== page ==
Awareness of danger signs and symptoms of pregnancy complication among women in Jordan
ABSTRACT To assess the level and determinants of awareness of the danger signs and symptoms of pregnancy complication among pregnant Jordanian women aged 15 years and older.
A descriptive cross-sectional study of 350 women attending prenatal care services was performed. Interviews were conducted at 4 public-health centers in Zarqa, Jordan, using a structured questionnaire. Awareness was defined as "knowing at least 4 danger signs and symptoms".
Overall, 84.8% of the women interviewed were not aware of danger signs and symptoms of pregnancy complication. Sociodemographic factors-including duration of education and current employment; husband's duration of education; family size; and whether women were given information about danger signs and symptoms-were associated with awareness in a binary analysis. Multivariate logistic regression analysis revealed that education level of study participants, their husbands' education level, and receiving information about danger signs and symptoms were all associated with awareness (P=0.02 for all associations).
Awareness of danger signs and symptoms of pregnancy complication among women in Jordan is low. A need exists to provide prenatal care that includes sufficient information about pregnancy-related danger signs and symptoms to meet the need for safe motherhood, as pointed out by the Millennium Development Goals.
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ABSTRACT: In many developing countries including Ethiopia, maternal morbidity and mortality still pose a substantial burden and thus progress towards the fifth Millennium Development Goal (MDG) remains slow. Raising awareness of women about the danger signs of pregnancy and childbirth is the first essential step in accepting appropriate and timely referral to obstetric care. However, in Ethiopia little is known about the knowledge level of mothers about obstetric danger signs. The objective of this study was to assess the status of knowledge of danger signs of pregnancy and childbirth among mothers who gave birth in the past two years prior to the survey in Tsegedie district, Tigray regional state, Ethiopia. A Community based cross-sectional study was conducted from November 20, 2012 to June 30, 2013 on a randomly selected sample of 485 women who had at least one delivery in the past two years. Multistage sampling technique was employed to select the study participants. A pre-tested structured questionnaire was used to collect quantitative data. Focus group discussion and in-depth interviews were utilized to supplement the Quantitative data. Bivariate and multivariate data analysis was performed using SPSS version 17.0 software. Four hundred eighty five mothers participated in the study making a response rate of 100%. Vaginal bleeding was the most commonly mentioned danger signs of pregnancy (49.1%) and childbirth (52.8%). Two hundred eighty five (58.8%) and 299 (61.6%) of respondents mentioned at least two danger signs of pregnancy and childbirth respectively. One hundred seventy (35.1%) and 154 (31.8%) of respondents didn't know any danger signs of pregnancy and childbirth respectively. Educational status of the mother, place of delivery and having functional radio were found to be independent predictors of knowledge of women about the danger signs of pregnancy and childbirth. Educational status of the mother, place of delivery and having functional radio were independently associated with knowledge of women about obstetric danger signs. Thus, provision of information, education and communication targeting women, family and the general community on danger signs of pregnancy and childbirth and associated factors was recommended.PLoS ONE 02/2014; 9(2):e83459. DOI:10.1371/journal.pone.0083459 · 3.23 Impact Factor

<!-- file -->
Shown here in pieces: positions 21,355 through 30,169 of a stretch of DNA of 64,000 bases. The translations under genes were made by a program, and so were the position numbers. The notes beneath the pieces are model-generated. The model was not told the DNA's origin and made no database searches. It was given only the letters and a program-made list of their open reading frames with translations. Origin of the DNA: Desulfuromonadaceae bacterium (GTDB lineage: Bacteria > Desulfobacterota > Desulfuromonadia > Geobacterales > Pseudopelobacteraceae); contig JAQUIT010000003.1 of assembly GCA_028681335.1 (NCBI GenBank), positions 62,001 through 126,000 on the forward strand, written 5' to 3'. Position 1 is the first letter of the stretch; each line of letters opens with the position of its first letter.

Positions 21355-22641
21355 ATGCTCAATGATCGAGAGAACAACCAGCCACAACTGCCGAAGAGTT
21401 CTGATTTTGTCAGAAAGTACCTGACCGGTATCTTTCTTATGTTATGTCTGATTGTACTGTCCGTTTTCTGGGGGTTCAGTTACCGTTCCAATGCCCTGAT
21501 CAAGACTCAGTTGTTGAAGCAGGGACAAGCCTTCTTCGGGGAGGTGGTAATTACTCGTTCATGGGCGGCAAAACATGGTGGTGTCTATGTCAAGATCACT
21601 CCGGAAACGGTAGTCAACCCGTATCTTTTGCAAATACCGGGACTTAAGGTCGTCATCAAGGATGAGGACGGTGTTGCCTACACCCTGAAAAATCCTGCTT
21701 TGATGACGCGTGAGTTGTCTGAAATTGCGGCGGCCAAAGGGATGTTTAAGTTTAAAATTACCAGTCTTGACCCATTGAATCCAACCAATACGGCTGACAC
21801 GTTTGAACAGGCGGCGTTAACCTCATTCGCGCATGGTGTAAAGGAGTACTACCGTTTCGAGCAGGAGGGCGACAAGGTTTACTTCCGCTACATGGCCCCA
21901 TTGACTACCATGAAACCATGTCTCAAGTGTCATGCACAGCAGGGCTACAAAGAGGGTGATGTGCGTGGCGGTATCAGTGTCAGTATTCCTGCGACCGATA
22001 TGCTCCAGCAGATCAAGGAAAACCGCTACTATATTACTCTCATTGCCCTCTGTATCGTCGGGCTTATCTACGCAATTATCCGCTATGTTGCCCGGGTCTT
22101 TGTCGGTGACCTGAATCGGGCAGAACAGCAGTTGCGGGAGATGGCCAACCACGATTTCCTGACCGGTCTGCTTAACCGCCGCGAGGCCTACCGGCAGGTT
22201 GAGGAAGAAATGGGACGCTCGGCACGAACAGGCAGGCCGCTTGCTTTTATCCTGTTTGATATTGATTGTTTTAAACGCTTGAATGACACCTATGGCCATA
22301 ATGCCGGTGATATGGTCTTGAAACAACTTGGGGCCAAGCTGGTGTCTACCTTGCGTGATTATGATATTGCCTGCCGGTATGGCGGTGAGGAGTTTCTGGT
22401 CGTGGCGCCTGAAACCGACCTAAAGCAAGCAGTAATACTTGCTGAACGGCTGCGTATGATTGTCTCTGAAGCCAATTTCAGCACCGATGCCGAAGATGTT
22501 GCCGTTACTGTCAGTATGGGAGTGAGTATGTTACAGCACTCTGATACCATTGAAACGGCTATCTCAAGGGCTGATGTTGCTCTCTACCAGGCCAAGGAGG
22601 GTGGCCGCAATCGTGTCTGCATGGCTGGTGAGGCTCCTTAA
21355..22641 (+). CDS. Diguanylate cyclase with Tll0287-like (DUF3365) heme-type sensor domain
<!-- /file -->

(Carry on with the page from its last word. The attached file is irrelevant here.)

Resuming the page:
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ABSTRACT: Objective: Aim of study was to assess knowledge of key danger signs of pregnancy among clients of maternal health service in urban and rural primary health centres of southeast Nigeria. Methods: A cross-sectional analytical study design was used. Three stage sampling method was used to select 540 clients of maternal health service in18 of 440 primary health centres in Enugu state, southeast Nigeria. The clients were women who attended antenatal and postnatal care in the health centres. A minimum of four antenatal care visits qualified the women for inclusion in the study.